Cracking the code on the Bitcoin halving: what you need to know

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Sam Adams
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Samantha Adams
Head of Content

If you've been exploring the world of Bitcoin, chances are you've come across the term "Bitcoin halving or “the halvening”. In fact the 4th Bitcoin halving just happened on 19th April - but what exactly is it and why does it matter? Find out in this blog as we explore how the Bitcoin halving affects the price and what it means for Bitcoin miners.

What is the Bitcoin halving?

Bitcoin halving is an event programmed into the Bitcoin protocol that halves the reward miners receive for validating transactions. It occurs approximately every four years - after 210,000 blocks are mined.

The basics of Bitcoin mining

Before we explain the halving, let’s get to grips with the basics of Bitcoin mining. Bitcoin mining is the process by which new bitcoins are created - transactions are verified and added to the blockchain, which is a public ledger of all Bitcoin transactions.

Miners compete using powerful computers to solve complex mathematical puzzles. These puzzles are part of a process called Proof-of-Work (PoW), and ensure the security and integrity of the Bitcoin network. The first to find the correct solution gets to add a new block of transactions to the blockchain and as a reward for their efforts, they receive newly minted bitcoins and transaction fees associated with the transactions in the block they mined.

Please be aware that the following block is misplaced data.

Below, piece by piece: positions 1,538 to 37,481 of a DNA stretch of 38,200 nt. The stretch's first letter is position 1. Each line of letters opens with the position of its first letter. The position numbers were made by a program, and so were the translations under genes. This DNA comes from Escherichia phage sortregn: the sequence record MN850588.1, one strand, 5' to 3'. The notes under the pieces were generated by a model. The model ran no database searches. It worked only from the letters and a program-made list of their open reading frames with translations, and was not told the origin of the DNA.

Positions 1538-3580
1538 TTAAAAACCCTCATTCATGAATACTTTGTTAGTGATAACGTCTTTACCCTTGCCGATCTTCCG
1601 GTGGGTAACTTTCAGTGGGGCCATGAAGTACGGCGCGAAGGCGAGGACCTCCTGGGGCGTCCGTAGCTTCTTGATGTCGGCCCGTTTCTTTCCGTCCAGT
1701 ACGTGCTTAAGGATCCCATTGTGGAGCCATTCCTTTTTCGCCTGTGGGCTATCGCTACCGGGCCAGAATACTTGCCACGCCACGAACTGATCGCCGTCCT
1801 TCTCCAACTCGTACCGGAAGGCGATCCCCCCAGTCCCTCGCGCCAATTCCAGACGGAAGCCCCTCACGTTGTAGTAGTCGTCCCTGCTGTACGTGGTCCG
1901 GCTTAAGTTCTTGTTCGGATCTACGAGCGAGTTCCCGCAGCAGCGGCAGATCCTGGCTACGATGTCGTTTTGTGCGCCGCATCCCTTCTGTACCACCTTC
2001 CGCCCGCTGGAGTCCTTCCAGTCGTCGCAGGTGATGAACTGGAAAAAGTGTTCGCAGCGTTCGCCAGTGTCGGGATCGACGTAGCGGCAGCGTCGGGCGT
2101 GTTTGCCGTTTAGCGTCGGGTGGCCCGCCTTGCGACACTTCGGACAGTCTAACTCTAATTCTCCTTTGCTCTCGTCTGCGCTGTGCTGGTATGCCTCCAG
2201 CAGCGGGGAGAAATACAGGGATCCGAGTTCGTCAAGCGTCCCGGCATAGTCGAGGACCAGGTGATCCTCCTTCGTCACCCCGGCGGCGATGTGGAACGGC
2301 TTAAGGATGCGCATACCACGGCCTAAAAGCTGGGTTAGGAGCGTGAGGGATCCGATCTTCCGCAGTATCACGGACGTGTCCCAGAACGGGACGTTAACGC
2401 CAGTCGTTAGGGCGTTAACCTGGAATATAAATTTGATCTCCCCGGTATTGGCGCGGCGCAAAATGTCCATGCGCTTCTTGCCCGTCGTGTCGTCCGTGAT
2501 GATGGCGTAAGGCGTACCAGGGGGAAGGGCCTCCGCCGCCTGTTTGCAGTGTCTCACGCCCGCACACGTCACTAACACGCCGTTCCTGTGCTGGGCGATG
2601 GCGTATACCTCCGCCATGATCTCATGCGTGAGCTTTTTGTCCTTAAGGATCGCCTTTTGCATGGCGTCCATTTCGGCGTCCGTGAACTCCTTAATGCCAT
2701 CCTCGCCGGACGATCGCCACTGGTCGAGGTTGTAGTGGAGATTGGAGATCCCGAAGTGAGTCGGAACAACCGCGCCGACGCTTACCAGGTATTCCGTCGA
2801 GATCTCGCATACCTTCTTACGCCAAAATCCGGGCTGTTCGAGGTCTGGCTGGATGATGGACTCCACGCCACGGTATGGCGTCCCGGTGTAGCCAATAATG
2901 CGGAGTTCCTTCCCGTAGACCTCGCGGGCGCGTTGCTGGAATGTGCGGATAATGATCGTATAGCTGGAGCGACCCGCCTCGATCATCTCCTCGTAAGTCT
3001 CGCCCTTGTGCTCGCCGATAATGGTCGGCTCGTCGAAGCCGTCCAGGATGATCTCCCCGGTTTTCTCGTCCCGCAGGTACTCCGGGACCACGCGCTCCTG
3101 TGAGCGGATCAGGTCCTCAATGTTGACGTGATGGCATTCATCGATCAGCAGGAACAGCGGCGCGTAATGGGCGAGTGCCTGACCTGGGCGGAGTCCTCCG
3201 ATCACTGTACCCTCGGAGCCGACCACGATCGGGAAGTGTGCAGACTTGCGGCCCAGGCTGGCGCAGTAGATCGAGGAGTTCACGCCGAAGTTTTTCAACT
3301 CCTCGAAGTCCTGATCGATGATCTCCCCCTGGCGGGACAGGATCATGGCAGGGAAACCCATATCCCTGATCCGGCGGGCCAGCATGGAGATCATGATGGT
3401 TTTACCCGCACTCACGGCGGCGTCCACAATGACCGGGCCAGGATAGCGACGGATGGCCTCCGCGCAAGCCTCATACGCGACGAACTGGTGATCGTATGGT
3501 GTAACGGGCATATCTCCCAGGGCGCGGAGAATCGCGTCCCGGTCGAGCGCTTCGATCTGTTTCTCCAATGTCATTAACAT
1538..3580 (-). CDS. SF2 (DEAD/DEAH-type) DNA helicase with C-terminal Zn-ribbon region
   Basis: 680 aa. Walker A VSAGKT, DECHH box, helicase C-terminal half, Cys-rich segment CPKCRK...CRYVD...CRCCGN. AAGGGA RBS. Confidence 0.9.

Understanding Bitcoin halving

To tie it all together… Bitcoin works on a fixed supply model, capped at 21 million coins. Unlike traditional currencies that can be endlessly printed, Bitcoin has a controlled issuance rate. Bitcoin’s creator, Satoshi Nakamoto, designed the Bitcoin halving to reduce the reward the miners receive. The rationale behind this is that the cryptocurrency will enter the market at a slower rate which maintains scarcity and protects from inflation. Exactly every 210,000 blocks, the reward miners receive for adding new blocks to the blockchain is halved. For example, before the last halving (19th April 2024) miners received 6.25 BTC when they successfully validated a new block on the chain and the reward is now 3.125 BTC.

Bitcoin halving history

Bitcoin halving events have occurred at specific intervals. In the below table you can see the dates of the Bitcoin halvings alongside the corresponding rewards and block height. It generally takes around 4 years between halvings, depending on how quickly the blocks are mined.

Bitcoin halving dates / schedule

Date (estimated)RewardHeight
Genesis3 Jan 200950 BTC1
1st halving28th Nov 201225 BTC210,000
2nd halving9th Jul 201612.5 BTC420,000